Request No. 39
These RFAs request that plaintiffs each admit that defendant Kathy Lu owes each plaintiff “$150,000 plus interests as stated in the Promissory Note attached as Exhibit 4 to YOUR Verified First Amended Complaint.”  
The response are that the requests call for a legal conclusion, expert opinion and the document speaks for itself.  The responses are then that, “Responding Party admits that Kathy Lu, along with the other defendants, owe Plaintiff no less than $150,000 plus interest on the Promissory Note.  Responding Party denies, however, that this is the exclusive sum owed.”  
Again, the objections are not justified in the opposition, and do not appear appropriate. Further responses, without objection, will accordingly be ordered to be served.  
Plaintiffs argue that a denial of a request must be unequivocal, but that is not what the statute appears to require, as it permits qualification in the responses, which appears to be what is done here by denying that this is the exclusive sum owed.  The oppositions explain that the responses are truthful and not evasive, as it has been plaintiffs’ position throughout this lawsuit that plaintiffs were part of a partnership, and are therefore entitled to half the value of the real property, so that it if the Court finds a partnership exists, the amount owed would not be limited to $150,000.   This appears to be a prudent response, appropriately explained.   The Court orders further responses, without objection, to be served, but does not require further substantive changes to the responses. 
Request No. 40
These RFAs seek that each plaintiff, “Admit that Defendant Kathy Lu must issue a payment of all unpaid principle balance and interest” to each plaintiff, “when the PROPERTY is sold” pursuant to the Promissory Note attached to the FAC.  
The responses make the same objections that these call for a legal conclusion, expert opinion and the document speaks for itself, and that, Responding Party admits in part and denied in part, and again states, “Responding Party admits that Kathy Lu, along with the other defendants, owe Plaintiff no less than $150,000 plus interest on the Promissory Note.  Responding Party denies, however, that this is the exclusive sum owed.”  
Again, the objections are not justified, and further responses without objections are ordered to be served.   The responses also do not appear to respond to the gist of the question, which is not about how much is owed, but when the payment must be issued, essentially, when the property is sold.   The responses are not responsive to the admission sought, and plaintiffs are ordered to serve further responses, without objections, which address the actual request for admission propounded.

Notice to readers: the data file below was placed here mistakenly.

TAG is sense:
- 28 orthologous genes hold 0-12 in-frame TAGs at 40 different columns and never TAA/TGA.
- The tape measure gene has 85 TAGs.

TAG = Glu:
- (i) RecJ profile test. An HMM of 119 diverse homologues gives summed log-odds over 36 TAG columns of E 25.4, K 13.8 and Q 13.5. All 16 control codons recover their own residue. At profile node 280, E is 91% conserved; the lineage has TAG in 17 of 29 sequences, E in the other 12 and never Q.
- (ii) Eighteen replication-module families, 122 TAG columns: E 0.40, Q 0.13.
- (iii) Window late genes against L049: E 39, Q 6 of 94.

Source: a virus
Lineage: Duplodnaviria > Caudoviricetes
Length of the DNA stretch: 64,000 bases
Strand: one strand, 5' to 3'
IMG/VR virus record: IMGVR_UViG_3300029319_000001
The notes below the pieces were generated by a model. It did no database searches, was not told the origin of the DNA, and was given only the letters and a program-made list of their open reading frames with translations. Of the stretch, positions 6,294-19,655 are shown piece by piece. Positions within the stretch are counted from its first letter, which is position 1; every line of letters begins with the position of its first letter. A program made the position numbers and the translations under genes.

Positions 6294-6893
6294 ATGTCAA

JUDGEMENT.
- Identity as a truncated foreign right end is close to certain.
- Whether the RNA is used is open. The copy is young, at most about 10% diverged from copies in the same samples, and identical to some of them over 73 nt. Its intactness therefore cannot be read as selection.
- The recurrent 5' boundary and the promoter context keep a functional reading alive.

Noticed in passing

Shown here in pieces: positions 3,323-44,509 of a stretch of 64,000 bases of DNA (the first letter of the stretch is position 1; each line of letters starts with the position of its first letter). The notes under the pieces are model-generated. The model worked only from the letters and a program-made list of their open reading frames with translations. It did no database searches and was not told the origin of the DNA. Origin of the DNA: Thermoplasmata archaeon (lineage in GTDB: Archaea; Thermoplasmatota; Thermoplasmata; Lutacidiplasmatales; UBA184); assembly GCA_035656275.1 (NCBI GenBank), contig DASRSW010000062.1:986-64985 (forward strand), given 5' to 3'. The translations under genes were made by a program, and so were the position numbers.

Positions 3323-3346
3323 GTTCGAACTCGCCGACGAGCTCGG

Sanctions 
This leaves the issue of sanctions, which are sought by both sides.  
CCP § 2030.300 (d) provides that the court “shall impose a monetary sanction...against any party, person, or attorney who unsuccessfully makes or opposes a motion to compel a further response to interrogatories, unless it finds that the one subject to the sanction acted with substantial justification or that other circumstances make the imposition of the sanction unjust.”  Similar provisions apply to requests for admissions.  CCP § 2033.290 (d).
  
Under CCP § 2023.010, misuse of the discovery process includes “(e) Making, without substantial justification, an unmeritorious objection to discovery”; and “(f) Making an evasive response to discovery.”  Where there has been a misuse of the discovery process, under Section 2023.030(a), the court “may impose a monetary sanction ordering that one engaging in the misuse of the discovery process, or any attorney advising that conduct, or both pay the reasonable expenses, including attorney’s fees, incurred by anyone as a result of that conduct.” 
The burden is on the party subject to sanctions to show substantial justification or injustice.  Mattco Forge, Inc. v. Arthur Young & Co. (1990) 223 Cal.App.3d 1429, 1436.  
In this case, plaintiffs have made evasive responses to discovery, interposed objections plaintiffs have failed to justify, and have made these motions necessary. 
The Court accordingly awards sanctions in favor of the moving party.  The sanctions sought are $940 for each of three motions, which do not appear unreasonable, although, as noted above, the two RFAs motions were likely very efficiently cut and pasted from each other.  Hence, the sanctions are adjusted accordingly as follows: $858.00 for the motion to compel interrogatories, $858.00 for the first motion to compel RFAs and $495.00 for the second motion to compel RFAs, since it is duplicative of the first motion to compel RFAs with an attorney rate of $300.00 per hour for all motions.
RULING:
Defendant Jam Lu’s Motion to Compel Further Responses to Special Interrogatories, Set Two is reluctantly considered by the Court despite the submission by defendant in support of the motion of a Separate Statement which is not complete.   CRC Rule 3.1345(c) provides that a separate statement is a “separate document filed and served with the discovery motion that provides all the information necessary to understand each discovery request and all the responses to it that are at issue.”   This separate statement “must include” for each discovery request to which a further response is requested, the text of the request, the text of each response or further response, and “(5) If the response to a particular discovery request is dependent on the response given to another discovery request,…the other request and the response to it must be set forth.”    Here, the response at issue includes references to other responses, Special Interrogatory No. 95, but the text of that request, and, more importantly, the response to it, are not set forth.   The subdivision further states that “The separate statement must be full and complete so that no person is required to review any other document in order to determine the full request and the full response.”  The Court has greatly inconvenienced by this omission, and defendant is cautioned that further motions must provide all matter required to understand the discovery request and response.